Date of Award


Document Type


Degree Name

Doctor of Education (EdD)


Executive Leadership

First Supervisor

Claudia L. Edwards

Second Supervisor

Janet B. Lyons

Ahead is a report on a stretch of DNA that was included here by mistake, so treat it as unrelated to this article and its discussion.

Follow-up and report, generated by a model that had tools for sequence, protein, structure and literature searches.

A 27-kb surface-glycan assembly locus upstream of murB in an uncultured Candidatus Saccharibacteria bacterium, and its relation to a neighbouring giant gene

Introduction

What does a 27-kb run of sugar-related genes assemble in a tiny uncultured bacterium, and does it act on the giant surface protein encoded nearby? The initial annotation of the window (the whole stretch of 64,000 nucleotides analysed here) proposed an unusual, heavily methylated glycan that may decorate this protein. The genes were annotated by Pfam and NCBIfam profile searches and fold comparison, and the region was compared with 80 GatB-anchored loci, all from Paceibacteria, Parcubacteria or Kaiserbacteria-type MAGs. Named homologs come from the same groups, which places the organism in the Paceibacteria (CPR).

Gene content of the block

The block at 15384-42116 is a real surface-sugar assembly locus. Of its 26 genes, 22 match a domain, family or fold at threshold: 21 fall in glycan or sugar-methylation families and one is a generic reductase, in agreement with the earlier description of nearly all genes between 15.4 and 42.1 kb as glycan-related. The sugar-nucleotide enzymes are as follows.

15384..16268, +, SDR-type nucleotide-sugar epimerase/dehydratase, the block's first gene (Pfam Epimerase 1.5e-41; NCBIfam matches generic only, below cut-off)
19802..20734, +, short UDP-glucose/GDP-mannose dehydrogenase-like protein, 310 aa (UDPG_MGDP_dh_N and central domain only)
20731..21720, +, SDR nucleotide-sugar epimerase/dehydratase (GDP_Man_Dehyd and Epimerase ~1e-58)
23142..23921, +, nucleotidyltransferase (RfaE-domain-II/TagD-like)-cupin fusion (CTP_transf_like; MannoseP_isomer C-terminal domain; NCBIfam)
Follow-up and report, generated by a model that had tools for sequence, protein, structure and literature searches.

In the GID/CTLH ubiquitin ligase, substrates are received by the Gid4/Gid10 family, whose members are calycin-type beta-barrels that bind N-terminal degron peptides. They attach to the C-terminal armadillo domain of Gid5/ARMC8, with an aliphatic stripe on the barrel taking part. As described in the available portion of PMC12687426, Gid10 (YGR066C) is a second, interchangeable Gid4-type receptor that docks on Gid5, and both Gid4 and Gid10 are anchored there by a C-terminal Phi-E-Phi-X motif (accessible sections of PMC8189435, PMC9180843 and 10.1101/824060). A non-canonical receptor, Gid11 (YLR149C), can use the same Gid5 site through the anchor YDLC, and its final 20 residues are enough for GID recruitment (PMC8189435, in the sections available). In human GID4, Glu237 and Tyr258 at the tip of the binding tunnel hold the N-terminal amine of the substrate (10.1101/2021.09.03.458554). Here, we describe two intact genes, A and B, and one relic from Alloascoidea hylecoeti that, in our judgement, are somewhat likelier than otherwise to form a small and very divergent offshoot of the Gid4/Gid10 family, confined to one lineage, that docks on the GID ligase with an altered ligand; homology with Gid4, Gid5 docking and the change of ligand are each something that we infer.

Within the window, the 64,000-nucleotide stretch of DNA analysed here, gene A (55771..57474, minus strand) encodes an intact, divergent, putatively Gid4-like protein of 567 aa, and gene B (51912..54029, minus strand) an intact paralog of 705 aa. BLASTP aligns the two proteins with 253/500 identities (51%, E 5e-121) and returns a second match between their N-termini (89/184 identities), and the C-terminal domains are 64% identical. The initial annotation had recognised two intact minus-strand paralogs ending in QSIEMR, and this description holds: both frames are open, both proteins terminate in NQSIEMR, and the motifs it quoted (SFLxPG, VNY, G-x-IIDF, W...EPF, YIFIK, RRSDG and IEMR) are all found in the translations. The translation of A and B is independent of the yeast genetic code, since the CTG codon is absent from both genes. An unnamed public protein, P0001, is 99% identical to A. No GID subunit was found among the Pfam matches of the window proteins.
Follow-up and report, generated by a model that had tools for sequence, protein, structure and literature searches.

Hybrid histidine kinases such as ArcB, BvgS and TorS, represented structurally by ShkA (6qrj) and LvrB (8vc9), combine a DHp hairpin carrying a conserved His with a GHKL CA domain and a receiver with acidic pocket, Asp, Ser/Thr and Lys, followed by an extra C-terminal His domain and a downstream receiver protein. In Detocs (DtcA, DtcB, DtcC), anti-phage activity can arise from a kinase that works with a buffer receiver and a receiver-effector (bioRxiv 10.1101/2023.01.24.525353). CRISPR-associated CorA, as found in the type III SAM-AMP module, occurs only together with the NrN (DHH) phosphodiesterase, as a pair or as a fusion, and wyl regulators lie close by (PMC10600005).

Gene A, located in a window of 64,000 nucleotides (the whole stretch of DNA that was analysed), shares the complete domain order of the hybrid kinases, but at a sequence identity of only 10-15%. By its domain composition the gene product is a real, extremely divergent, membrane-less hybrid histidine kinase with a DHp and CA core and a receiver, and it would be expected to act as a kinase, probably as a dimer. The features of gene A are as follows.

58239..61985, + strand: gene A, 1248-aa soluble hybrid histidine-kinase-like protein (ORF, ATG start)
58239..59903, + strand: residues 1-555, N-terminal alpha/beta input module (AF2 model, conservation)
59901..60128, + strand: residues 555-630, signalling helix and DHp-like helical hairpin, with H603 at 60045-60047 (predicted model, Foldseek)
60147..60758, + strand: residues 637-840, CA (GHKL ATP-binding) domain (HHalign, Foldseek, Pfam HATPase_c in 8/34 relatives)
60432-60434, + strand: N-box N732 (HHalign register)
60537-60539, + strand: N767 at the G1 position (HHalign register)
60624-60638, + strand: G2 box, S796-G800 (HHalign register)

This qualitative case study gathered perceptions from alumni, clients, and professors to gain insight into how essential client-based service learning is to the preparedness of emergency management professionals enrolled in the Masters in Public Administration Emergency and Disaster Management program at the Metropolitan College of New York. Criteria for participant selection included employment as emergency managers, three to five years of experience in the field of emergency management, and past direct involvement in a major disaster event. Data was captured using individual in-depth interviews of 13 participants. Two focus groups were utilized: one comprised three faculty members in the role of project manager, and the second comprised three former clients who took part in client-based service learning projects with the college. Two field observations were conducted at client sites to examine the service learning process. Analysis yielded six emergent themes: the development of skills/knowledge, theory to practice, client commitment and engagement, client-based service-learning benefits, reflective thinking, and networking opportunities. Findings offer insight into current delivery practices, strengths of the program, and the challenges needed to address institutions of higher education offering emergency management programs. Recommendations include enhancing networking capabilities for students through client-based service learning, incorporating reflective thinking methods, building leadership capacity through course development using leadership theories, building leadership capacity through client-based learning projects and other experiential learning methods, enhancing client recommendations by implementing a request for proposal process, and ensuring client commitment for client-based service learning projects. Research on a larger scale is recommended to increase the generalizability of the results reported.

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